Python IO on rPi

My next ‘real’ project involves implementing a web interface to control some of the things around swan tron global HQ, the half of the garage I reserved for my lab. I’ve been a huge fan of the Raspberry Pi since the mission was announced. Linux and IO…you have my attention. Add in the $35 price tag and my penchant for destroying hardware…huge fan is correct.

Before I start planning my real project, I need to figure out how this differs from the microcontrollers I’ve used in the past to deal with similar implementations. I know the CPU is going to show itself, but not to what extent. Time to start poking around.

I decided to horse around and knock out a few birds with one stone…python library, digital out, and basic pin function. Oh, and LEDs. Everyone loves LEDs.

the 80s called, they want their printer cable back
cobbler and bread

Prior to this effort, I have mainly explored the rPi via x. I’ve spent a decent amount of time inspecting the file structure (Debian, no surprises) and the xwin UI. It is no speed demon, but it does the trick. I have the wireless adapter configured and set to auto-start, which was most of the battle. It basically performs as advertised, which on paper is very awesome for the price.

My general setup for this was very simple. I bought a cobbler set from Adafruit, which acts simply to pull the IO pins out to a breadboard. Two LEDs, two resisters. A few jumpers. Very simple.

I booted the device, and used aptitude to update and snag the rPi GPIO library.
sudo apt-get update
sudo apt-get install python-rpi.gpio
That does the heavy lifting with the python implementation…sample code is available on the main python site. The update was I used vim to create a dirty python script…unworthy of a repository, but worth a pic:

fugly code
no comments, no worries

The digital outs worked as anticipated. Timing was a bit odd…I ended up playing around a bit with some pauses in order to tune the blinks as I wanted. It looks like coordinating pin outs might be tricky for more complex operations, but at least the library and hardware is up and running.

Don’t take my word for it:

The next steps will be interesting. Figuring out how to ssh into the box in order to run a script of this magnitude will be next, followed by profiling the voltage on the pinout. It should be able to throw my 5v relay with a little tweaking…if not I’ll figure out PWM and tackle the switching mechanically. Fun stuff to come…happy to be playing with the rPi finally. Stay tuned.

IOIO Servo Controller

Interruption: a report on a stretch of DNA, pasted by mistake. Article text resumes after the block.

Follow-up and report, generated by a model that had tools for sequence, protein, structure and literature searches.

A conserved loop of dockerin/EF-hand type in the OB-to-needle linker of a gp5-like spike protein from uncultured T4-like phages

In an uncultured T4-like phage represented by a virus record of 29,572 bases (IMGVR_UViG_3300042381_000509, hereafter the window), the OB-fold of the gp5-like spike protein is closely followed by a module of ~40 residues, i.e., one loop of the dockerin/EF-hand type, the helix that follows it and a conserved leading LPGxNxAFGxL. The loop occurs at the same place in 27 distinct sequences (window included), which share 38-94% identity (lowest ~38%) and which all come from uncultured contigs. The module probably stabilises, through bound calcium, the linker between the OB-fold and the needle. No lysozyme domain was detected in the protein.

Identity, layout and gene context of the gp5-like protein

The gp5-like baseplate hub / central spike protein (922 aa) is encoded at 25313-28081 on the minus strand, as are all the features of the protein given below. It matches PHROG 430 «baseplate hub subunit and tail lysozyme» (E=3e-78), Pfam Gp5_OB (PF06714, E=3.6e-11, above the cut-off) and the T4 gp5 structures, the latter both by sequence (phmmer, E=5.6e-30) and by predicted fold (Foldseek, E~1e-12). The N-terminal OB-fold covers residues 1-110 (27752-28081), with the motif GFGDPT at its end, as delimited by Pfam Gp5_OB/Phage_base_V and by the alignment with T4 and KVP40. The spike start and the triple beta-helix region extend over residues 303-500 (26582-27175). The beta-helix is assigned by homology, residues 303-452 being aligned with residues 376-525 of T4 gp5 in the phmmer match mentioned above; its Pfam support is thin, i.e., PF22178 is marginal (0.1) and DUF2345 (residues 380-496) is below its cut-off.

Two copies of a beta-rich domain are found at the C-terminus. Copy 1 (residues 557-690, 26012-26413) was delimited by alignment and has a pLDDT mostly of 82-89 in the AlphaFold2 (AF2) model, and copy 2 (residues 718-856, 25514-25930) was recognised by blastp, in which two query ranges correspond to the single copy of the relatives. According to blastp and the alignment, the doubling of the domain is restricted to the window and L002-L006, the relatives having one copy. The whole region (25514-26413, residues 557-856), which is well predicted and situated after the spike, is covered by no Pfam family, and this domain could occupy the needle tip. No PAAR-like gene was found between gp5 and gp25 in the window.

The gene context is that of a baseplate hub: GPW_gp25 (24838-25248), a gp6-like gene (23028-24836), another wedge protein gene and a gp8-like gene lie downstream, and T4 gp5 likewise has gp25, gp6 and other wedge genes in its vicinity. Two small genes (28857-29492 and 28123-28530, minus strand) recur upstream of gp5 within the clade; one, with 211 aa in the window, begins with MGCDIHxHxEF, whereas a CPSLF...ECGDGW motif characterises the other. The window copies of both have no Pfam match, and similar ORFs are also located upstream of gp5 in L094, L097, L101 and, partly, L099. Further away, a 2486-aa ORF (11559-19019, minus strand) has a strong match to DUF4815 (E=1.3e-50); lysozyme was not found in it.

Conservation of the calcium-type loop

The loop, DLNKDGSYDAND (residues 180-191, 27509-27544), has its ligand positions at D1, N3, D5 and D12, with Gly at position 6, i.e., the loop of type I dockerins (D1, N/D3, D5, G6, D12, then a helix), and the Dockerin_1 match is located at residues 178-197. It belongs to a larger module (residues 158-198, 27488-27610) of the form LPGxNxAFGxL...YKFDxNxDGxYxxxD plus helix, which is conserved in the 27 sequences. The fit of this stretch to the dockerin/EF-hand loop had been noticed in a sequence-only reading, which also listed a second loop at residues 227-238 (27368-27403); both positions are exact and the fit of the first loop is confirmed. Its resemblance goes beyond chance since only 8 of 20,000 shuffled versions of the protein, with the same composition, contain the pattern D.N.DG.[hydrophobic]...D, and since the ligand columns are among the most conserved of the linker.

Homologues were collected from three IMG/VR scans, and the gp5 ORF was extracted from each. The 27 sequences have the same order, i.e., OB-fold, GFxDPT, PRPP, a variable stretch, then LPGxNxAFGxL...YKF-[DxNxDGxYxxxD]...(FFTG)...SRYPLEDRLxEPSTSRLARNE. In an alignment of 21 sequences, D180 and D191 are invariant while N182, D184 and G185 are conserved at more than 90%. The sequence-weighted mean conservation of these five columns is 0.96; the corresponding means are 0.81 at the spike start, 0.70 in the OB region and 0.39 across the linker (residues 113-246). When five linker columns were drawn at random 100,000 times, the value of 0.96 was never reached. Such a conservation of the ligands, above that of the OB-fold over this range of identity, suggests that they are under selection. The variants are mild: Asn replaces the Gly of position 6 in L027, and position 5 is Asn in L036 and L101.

I just doubled my Android Market presence with one fell swoop. IOIO project number two is in the books: IOIO Servo Controller.

IOIO Servo Controller
servo in altoids can smells like altoids

This project is a one-off of the PowerSwitch Tail relay project I have out in the wild. I took the button out of the mix and implemented a slider bar…removed the relay and am now driving a hobby servo.

IOIO Android app
brand placement

Displayed is the relative level (zero to one) of the slider, the slider itself, and a shameless plug. The onboard LED also fires with a brightness relative to the slider position…which I implemented in the coding and sort of left in there.

The basic concept was to get the PWM output configured correctly, in order to control the servo positioning…the slider function is pretty much just the stock slider from the Android Development docs, widened a bit for the sake of video capture. The rest was just mashing around the code I had out there…not too bad.

Check the thing in action:

This project is available for download in app form on the Android Market. Right next to my other guy…search for IOIO. I will toss the code on my GitHub account as well. Fun project…I may branch and see If I can do anything cool with a few servos. We’ll see.

Shoot any comments to joe(at)swantron(dot)com. I can help with any setup issues, if they may arise. Good luck…

IOIO App Redux Time

I put together a simple proof of concept using a slider to control a PWM pin out…simple is an understatement.

pwm app ioio

Nice, right?

In doing this, I did a fresh download of the IOIO example apps, as I had gutted the Blink example for my 120V relay app. It turns out that there is a fresh firmware version…I grabbed the new IOIO library that is associated with that. So, my proof of concept doesn’t function…I tested it with an LED to no avail.

So, I have a few items to address before I push out another project

  • Update firmware | flash V3 to my IOIO
  • Update my IOIOPowerSwitch App to contain IOIOLib V3
  • Update READMEs / Github / Android Market to cite firmware version
  • Update proof of concept to same specifications
  • _
    It should go smoothly, after the first bullet-point is in the books. Stay toooned.